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Lithuania shivers as Russia ramps up heating costs

Monday - 2/4/2013, 10:15am  ET

FOR STORY LITHUANIA HEATING BLUES - In this photo made Wednesday, Jan. 23, 2013, Vytas Ratkevicius, a resident of Vilnius, Lithuania, prepares to light his wood stove to heat his apartment as air temperatures dropped to around minus 20 Celsius. Gas prices have risen about 450 percent over the past seven years, forcing many Lithuanians to shut off their central heating and replace it with firewood burners to save money. (AP Photo/Mindaugas Kulbis)

LIUDAS DAPKUS
Associated Press

VILNIUS, Lithuania (AP) -- To save money during the harsh Baltic winter, Romanas Ziabkinas did something unremarkable: He turned off his central heating and installed a cheaper electric heater. Now he finds himself neck-deep in legal woes.

His utility company refused to recognize the switch and is suing him for some 25,000 litas ($10,000) in unpaid utility bills for his apartment in Lithuania's capital. "Splitting from the Soviet Union was easier than leaving this heating system," he says.

Ziabkinas plight is extreme, but his frustrations over heating costs are shared by a majority of Lithuanians, who have seen prices soar over the past several years, especially since the shuttering of its only nuclear power plant in 2009, forcing the country to import more Russian gas to keep warm. Lithuania's decision to scrap atomic power over safety concerns has put it under a new kind of threat: intimidation from Russia, which critics say shows no hesitation to use its energy dominance to bully former vassal states.

While gas prices have tended to fall globally in recent years thanks to deposits of shale gas in places like the U.S., Lithuanian households have looked on in horror in the past seven years as the retail cost of natural gas pumped from Siberia spiked 450 percent -- or from $169 to $769 per 1,000 cubic meters.

Lithuania, a country of 3 million people, currently pays Russia a wholesale price of about $540 per 1,000 cubic meters of natural gas piped from Siberia, roughly 15 percent more than Baltic neighbors Latvia and Estonia and 25 percent more than Germany.

Many Lithuanians feel they are being punished by Russia for unsolved political issues, just as the Kremlin has used gas supplies to goad Ukraine and Belarus over political and economic disputes.

Lithuania has demanded compensation from Moscow for alleged damages incurred during the Soviet occupation from 1945 to 1991, and last year enacted a European Union directive to separate gas supply and distribution, a direct blow to Russia's commercial interests in the country. Estonia and Latvia, which also receive all their gas from Russia, have done neither -- and, not surprisingly, enjoy cheaper prices.

Gazprom rarely comments on gas price deals with individual countries, using the secrecy to haggle with each individual nation separately -- playing one off the other -- in what is seen as an extension of Kremlin foreign policy.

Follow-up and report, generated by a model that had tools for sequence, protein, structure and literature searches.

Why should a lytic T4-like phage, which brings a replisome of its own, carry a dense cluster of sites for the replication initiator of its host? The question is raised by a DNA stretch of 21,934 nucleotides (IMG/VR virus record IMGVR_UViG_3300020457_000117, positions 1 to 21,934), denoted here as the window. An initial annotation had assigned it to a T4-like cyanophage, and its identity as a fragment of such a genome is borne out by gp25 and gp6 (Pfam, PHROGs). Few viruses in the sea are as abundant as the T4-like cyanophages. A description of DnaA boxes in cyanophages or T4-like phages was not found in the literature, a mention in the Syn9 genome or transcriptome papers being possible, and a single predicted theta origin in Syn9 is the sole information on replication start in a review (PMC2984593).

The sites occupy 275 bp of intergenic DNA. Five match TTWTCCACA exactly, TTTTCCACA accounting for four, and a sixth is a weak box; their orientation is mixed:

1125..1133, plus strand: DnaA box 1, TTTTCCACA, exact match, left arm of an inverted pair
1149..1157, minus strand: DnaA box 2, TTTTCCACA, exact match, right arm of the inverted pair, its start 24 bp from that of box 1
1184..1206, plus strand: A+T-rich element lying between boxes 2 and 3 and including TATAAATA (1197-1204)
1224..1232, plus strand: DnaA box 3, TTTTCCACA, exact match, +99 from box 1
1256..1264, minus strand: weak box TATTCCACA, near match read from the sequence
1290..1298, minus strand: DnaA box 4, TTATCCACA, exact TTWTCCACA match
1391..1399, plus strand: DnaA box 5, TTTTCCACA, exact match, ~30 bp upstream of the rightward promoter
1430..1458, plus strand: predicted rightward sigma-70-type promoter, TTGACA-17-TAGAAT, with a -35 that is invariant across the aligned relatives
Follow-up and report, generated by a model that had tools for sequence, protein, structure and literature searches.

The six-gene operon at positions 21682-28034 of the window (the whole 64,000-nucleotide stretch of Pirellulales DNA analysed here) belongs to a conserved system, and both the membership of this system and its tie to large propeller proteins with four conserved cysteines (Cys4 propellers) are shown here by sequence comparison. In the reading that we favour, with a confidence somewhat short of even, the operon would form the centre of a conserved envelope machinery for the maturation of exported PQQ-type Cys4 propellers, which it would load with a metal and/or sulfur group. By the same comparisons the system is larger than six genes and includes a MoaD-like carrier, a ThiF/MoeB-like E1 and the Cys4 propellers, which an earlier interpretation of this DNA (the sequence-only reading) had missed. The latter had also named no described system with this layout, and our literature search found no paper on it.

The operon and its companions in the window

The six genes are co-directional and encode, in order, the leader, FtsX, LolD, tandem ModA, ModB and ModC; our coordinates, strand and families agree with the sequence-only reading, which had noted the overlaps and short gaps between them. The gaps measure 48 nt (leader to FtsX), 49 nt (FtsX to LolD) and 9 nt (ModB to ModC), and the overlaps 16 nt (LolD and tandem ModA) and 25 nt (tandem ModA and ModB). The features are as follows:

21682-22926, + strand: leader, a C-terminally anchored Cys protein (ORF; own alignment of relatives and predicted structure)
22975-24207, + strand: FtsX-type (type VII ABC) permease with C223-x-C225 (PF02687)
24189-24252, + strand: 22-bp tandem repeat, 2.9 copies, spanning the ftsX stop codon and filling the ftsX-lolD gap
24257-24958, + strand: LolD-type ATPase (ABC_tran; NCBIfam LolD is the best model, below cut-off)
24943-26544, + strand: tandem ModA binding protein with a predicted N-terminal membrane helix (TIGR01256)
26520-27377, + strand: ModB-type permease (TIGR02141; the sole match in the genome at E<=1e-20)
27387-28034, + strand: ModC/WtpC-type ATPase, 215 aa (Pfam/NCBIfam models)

Lithuania has a long-term supply agreement with Russia's state-owned gas monopoly Gazprom, which expires in 2015. Russia has justified the price rises by saying the deal allows it to index gas rates to oil prices. The catch is that Russia has given discounts to friendly nations, while sticking to the full price for those with which it has disputes.

"We believe Lithuania should pay a fifth less than it does now," Prime Minister Algirdas Butkevicius recently told reporters.

Lithuania's previous center-right government sued Gazprom in international arbitration court for 5 billion litas ($1.9 billion) over gas price hikes and has called on the EU to investigate the company's alleged unfair pricing policies. Butkevicius, however, is willing to scrap the litigation in exchange for cheaper gas.

Regardless of the legal outcome, heating now seems a luxury many Lithuanians can't afford -- and with tragic consequences. Last winter a 77-year-old pensioner in the southern district of Alytus was found frozen to death in his house. In another case, an 80-year-old woman who lived alone died in her bed in 2011, her body stuck to the frozen bed sheets.

Many people who can't afford their heating bill don't pay it, resulting in an increasingly large income hole that utilities fear they'll never recover. In Vilnius, the total amount of unpaid heating bills surpassed 40 million litas ($15 million) last year, while in Kaunas, Lithuania's second largest city, the number was $17 million.

Toma Gajauskiene, a 25-year-old Lithuanian language teacher, feels that she's drowning in unpaid heating bills for her apartment in a high-rise building. She earns some 1,200 litas ($460) per month and has a small child and unemployed husband to support.

"Last December was not too cold, but the heating bill stands at 500 litas, almost half of what I make," Gajauskiene said. "For January the bill will be at least double, but I simply cannot pay more than 300 litas for heating because my family will not have money to buy food."

Lithuanians also pay more for heating due to insulation problems stemming from the Soviet era. In the years after World War II, some 80 percent of Lithuania's population moved in less than a decade from villages to cities, where they were placed in Soviet apartment blocks hastily and without regard for efficient insulation.

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